The board had reduced the Ph.D. requirement to Ms. Elia's master's to name her superintendent instead of much-better candidates with Ph.D.s and experience. The board sensed Ms. Elia would not mess with its members' incumbency and bloated travel expenses while a Ph.D. from Columbia might very well question them.

One board member spent $50,000 for a year's travel consisting of flying to Meccas of education such as Las Vegas to pick up gimcrack awards and prizes that school boards and administrations constantly pass around in an administration-and-board racket ritual to plug the holes in administrative degrees manqué and to cover over the cracks in their wretched administrations. Hillsborough county's poor children could have used that $50,000 to buy supplies they lack so that they could participate in class activities.

The superintendent with a compliant board uses the Professional Standards office to cook up charges for flimsy causes or no cause at all to rein in teachers and prevent their commenting on administrative and board mismanagement. The well-understood threat is job loss. And it works.

Teachers' fearing the loss of their jobs hunker down and don't look up; they just teach and ignore the outrages dumped on them such as Ms. Elia's buying a multi-million-dollar program called Spring that had failed in other venues without consulting teachers that would have to implement it. Professional Standards threat of job loss hushed the teachers; complicity kept the board mum.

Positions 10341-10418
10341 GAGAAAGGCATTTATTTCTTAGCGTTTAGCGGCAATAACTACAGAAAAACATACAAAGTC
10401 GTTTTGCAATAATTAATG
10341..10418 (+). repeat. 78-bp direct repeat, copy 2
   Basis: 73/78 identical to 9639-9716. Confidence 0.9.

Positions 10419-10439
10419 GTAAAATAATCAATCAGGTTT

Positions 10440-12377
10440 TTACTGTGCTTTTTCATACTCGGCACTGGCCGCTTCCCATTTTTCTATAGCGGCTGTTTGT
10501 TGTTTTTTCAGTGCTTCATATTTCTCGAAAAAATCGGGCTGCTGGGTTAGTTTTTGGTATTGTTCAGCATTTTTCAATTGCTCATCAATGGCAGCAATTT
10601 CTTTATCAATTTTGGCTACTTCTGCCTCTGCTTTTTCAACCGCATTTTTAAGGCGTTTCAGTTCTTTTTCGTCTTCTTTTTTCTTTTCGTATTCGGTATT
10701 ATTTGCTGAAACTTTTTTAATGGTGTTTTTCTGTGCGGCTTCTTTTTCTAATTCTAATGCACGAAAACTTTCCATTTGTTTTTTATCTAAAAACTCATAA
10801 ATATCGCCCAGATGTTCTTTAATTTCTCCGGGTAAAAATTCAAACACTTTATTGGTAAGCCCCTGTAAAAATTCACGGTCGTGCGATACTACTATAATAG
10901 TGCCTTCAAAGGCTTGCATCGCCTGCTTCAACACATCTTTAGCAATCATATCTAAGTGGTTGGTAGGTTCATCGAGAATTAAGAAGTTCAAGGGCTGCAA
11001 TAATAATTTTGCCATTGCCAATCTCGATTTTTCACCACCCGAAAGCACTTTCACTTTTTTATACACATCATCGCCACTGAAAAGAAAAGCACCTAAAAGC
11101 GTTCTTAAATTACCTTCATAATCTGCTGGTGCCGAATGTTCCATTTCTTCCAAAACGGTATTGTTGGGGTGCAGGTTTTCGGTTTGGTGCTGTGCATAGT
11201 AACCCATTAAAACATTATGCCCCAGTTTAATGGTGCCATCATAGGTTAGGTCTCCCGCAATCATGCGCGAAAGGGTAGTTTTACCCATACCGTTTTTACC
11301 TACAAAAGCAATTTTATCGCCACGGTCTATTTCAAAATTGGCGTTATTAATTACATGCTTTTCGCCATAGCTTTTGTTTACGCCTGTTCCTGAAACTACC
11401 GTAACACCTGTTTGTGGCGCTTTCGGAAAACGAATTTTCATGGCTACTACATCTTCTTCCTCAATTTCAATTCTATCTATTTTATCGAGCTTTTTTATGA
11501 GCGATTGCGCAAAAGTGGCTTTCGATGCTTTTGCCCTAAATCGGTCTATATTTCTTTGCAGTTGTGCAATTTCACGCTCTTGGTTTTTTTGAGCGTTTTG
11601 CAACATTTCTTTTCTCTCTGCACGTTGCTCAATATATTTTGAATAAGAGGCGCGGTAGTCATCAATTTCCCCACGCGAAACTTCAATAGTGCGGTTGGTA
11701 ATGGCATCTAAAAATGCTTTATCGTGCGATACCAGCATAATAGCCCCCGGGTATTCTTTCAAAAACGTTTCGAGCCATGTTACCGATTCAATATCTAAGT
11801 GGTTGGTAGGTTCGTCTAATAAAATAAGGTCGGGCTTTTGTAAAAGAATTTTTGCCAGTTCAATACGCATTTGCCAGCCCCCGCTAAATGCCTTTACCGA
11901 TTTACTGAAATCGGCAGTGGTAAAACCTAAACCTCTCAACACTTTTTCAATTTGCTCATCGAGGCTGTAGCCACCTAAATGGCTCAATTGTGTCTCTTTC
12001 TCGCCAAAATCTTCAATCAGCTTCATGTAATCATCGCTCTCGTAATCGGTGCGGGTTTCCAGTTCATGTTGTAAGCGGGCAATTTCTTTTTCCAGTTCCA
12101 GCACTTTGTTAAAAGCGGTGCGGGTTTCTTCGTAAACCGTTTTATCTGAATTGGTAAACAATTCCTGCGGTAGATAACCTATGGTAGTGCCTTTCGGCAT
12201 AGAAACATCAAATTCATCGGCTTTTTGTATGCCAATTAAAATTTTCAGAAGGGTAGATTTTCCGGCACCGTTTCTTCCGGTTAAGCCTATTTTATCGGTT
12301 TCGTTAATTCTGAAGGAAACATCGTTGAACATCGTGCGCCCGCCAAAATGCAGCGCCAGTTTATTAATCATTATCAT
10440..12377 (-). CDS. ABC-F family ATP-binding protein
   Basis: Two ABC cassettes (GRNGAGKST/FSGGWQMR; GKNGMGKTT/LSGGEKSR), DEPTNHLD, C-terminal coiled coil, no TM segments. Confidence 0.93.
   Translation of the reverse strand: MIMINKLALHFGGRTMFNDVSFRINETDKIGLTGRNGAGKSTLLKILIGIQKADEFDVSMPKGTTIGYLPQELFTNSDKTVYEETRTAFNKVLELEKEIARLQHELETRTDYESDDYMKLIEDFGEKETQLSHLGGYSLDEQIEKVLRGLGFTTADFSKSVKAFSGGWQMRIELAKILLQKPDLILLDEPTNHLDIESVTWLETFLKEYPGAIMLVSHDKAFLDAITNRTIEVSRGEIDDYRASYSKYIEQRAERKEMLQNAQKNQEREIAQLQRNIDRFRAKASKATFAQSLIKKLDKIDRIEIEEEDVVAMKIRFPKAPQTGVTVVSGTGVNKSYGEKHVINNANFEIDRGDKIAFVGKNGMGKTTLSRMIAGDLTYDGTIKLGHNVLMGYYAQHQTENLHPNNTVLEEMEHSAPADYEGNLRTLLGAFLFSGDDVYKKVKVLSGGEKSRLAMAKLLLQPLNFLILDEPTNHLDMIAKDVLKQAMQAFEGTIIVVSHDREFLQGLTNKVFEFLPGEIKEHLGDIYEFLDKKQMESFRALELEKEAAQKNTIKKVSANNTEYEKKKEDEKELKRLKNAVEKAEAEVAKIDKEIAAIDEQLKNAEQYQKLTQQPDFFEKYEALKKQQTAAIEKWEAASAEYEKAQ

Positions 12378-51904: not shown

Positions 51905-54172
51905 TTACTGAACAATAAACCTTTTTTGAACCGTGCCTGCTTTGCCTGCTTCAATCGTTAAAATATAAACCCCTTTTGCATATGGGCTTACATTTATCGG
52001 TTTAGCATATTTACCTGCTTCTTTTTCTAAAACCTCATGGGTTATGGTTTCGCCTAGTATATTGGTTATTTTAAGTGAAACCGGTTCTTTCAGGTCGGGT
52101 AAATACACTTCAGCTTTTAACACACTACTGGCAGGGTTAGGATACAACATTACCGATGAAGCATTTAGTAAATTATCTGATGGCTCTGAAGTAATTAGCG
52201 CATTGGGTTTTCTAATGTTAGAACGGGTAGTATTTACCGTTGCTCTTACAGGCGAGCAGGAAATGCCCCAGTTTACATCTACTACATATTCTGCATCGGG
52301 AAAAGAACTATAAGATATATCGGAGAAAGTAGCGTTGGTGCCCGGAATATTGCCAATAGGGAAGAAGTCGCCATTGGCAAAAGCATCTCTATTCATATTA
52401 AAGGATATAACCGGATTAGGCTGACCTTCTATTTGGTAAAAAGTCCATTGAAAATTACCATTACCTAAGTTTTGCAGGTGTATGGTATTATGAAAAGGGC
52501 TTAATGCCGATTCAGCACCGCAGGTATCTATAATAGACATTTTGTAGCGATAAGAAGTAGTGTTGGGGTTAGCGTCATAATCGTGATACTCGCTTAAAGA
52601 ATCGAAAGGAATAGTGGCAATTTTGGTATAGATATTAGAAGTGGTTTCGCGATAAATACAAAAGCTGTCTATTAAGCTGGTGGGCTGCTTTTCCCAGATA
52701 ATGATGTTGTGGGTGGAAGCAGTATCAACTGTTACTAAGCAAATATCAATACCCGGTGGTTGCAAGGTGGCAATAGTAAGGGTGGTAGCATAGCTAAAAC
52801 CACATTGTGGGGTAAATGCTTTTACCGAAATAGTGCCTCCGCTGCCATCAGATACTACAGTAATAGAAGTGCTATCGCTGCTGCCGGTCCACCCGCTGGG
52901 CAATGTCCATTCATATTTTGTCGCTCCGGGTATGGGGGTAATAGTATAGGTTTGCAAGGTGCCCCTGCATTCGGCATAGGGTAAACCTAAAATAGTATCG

Ms. Elia two years ago dumped another class period on teachers to cure her budget problems without alerting teachers. The board acquiesced. This year teachers get no raise; Ms. Elia makes the feeble five percent of her salary kick-in to earn points from the obtuse for faux show of doing her part.

The administration and board stifle teachers and deprive them of free speech, not even ceding them a settled place in the board agenda for comment. The danger is that teachers' comments might let voters look behind the curtain and view the administration-and-board shoddy management practices and question both board's and administration's bloated salaries.

It doesn't help when editors such as those of the Times issue their template condemnation of unions for all problems in the schools.

If editors stepped out of their editorial aeries and introduced themselves to the real problems in schools, these quidnuncs would discover that maladroit, greedy administrations comprise a big part of the mess.

The grammar felony in the sentence from your anti-union essay below also does not help education. It features a comma splice: a grammar felony.

Put a semicolon before the conjunctive adverb "then" and appear in study hall for comma remediation.

In the past, the federal government talked a good game about requiring reform in exchange for federal dollars, then it caved when it came time to enforce the bargain.

lee drury de cesare
retired teacher and former college-union president

c: Washington Post
St. Petersburg Times
Tampa Tribune